We woke up after our first night in Bangkok bright and early in anticipation of the cycling tour we had booked for that day. Initially we were to be riding around the ancient kingdom of Ayutthaya to see the ruins and temples of the region, but with the floods the area was underwater and offlimits. The tour company however offered us the alternative of a 40km bike ride through the southern farming communities and a visit to the floating market so we snapped that up instead.
Ever since the very first time my parents took me to a hotel I have adored the concept of a buffet breakfast. It delights all those little girl experiences for me, even if I am a lot more measured in how I use them these days. My breakfast of fresh fruits and yoghurt was quite spectacular though! We then waited in the lobby for the Spice Roads tour group to pick us up. They were right on time and we were soon in our van headed South through the Bangkok morning traffic.
After about an hour we had a stop at one of the tourist traps that usually make my heart sink as you are plied with various souvenir crap that costs ten times as much as at the markets while the hard sell is put on you. But this place also doubled as an orchid farm so Bingley and I wondered in amongst the flowers and used the bathroom as suggested ignoring the vast numbers of souvenirs that would have given Australian Customs an apoplexy as various busloads of tourists pulled up. We were very grateful after 10 minutes to be collected from the clutches of a woman who was trying to give us souvenir plates with our faces printed on them while screeching out the price.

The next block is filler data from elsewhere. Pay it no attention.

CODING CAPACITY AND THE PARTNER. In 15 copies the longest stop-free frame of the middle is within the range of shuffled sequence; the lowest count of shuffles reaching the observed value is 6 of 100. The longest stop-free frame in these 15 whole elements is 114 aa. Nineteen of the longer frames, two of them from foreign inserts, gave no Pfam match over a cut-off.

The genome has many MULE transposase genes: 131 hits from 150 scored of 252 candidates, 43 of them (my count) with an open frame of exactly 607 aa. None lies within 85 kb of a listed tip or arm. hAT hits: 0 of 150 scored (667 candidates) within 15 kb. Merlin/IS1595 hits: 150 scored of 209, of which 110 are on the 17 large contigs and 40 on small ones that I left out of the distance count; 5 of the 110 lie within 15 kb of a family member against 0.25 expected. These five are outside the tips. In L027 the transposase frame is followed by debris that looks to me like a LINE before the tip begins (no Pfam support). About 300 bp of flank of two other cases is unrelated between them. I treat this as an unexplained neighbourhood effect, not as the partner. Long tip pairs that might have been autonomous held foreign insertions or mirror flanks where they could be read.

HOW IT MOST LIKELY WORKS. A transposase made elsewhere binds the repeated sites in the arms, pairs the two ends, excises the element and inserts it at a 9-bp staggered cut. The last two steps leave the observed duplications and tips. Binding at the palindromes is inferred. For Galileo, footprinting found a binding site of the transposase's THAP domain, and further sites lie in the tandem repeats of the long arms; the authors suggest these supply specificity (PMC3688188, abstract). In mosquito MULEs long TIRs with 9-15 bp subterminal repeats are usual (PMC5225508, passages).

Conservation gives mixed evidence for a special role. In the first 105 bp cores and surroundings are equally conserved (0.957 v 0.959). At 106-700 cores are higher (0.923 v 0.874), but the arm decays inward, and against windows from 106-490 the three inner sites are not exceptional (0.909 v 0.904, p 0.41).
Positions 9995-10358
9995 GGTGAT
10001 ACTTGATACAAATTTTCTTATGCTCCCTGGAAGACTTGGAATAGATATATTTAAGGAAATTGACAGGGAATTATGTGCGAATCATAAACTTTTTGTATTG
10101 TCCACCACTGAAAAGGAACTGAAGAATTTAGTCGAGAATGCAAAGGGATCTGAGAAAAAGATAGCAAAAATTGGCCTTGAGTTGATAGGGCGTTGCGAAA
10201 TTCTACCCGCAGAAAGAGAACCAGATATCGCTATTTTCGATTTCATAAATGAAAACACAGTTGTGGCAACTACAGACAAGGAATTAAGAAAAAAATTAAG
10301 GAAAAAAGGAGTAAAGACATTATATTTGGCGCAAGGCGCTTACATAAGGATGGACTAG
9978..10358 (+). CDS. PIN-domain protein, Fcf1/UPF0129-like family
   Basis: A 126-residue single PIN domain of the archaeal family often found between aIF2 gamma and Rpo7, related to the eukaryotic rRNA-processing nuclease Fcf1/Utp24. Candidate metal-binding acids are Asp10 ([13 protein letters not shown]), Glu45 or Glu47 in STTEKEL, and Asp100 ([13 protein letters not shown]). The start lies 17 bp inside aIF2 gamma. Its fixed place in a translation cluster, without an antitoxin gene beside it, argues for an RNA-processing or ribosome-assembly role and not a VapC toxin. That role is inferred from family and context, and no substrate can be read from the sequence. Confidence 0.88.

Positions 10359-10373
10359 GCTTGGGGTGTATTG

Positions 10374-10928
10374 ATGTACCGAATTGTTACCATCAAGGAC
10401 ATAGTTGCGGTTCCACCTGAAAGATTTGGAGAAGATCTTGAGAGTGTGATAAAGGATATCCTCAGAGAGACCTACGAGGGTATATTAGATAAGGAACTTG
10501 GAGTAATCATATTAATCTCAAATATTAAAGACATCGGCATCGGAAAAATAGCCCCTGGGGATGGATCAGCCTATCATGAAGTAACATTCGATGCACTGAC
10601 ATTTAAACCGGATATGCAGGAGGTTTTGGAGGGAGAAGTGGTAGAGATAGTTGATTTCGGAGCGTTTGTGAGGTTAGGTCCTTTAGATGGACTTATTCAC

Another half hour or so south, after driving through various salt farms, we arrived at the Damnoen Saduak floating market, which is the largest in Thailand, and as such a prime tourist destination. Again though, with the floods the numbers were well down and the market had a depressed aura over it - so different from the usual bustling. We were not harrassed at all as we walked through the same three dresses hung on various stalls and the same elephant carvings, but in amongst it all there were some interesting things - we bought mangosteens and rambutans to eat while looking at various fruits and spices, and amazing balance as little old women cooked from their long tail boats.
Many of the sellers looked bored in the heat of the morning, as if aware that we were not there to shop. Even this snake handler only chased us half heartedly to get our photo taken with his giant friend (we declined).
After traipsing through the markets for a while, and having bought all that we wanted (which was not much), we headed to a brightly coloured long tail boat for a ride through the canals on which a whole town had been built. It was strange and beautiful, amazing to look at and see. Such a simple but terrifying life as I saw toddlers playing on the steps of their houses at the water's edge. The cool air whipped off the water at us as we powered through and we just soaked it all in, tempted to drag my hand through the water until I saw snakes swimming along its surface. Then I kept them firmly in my lap.
|Out for a paddle.|
We eventually stopped some 30 odd kilometres North of the market at a temple called Wat Amphawan Chetiyaram. It was jarring to see gilded lamp posts and lined avenues, not unlike those of Paris in amongst the peasant life we had just sailed through. The carved temple here was simply amazing, though none of my photographs do it justice. It was so ornate, so intricate, and completely empty. Just us and our guide explaining the carvings and the scenes on the roof and shutters and walls.
|Love affair with lamp posts continues|
|Bingley and Bike|
|Gold leaf buddha inside the temple|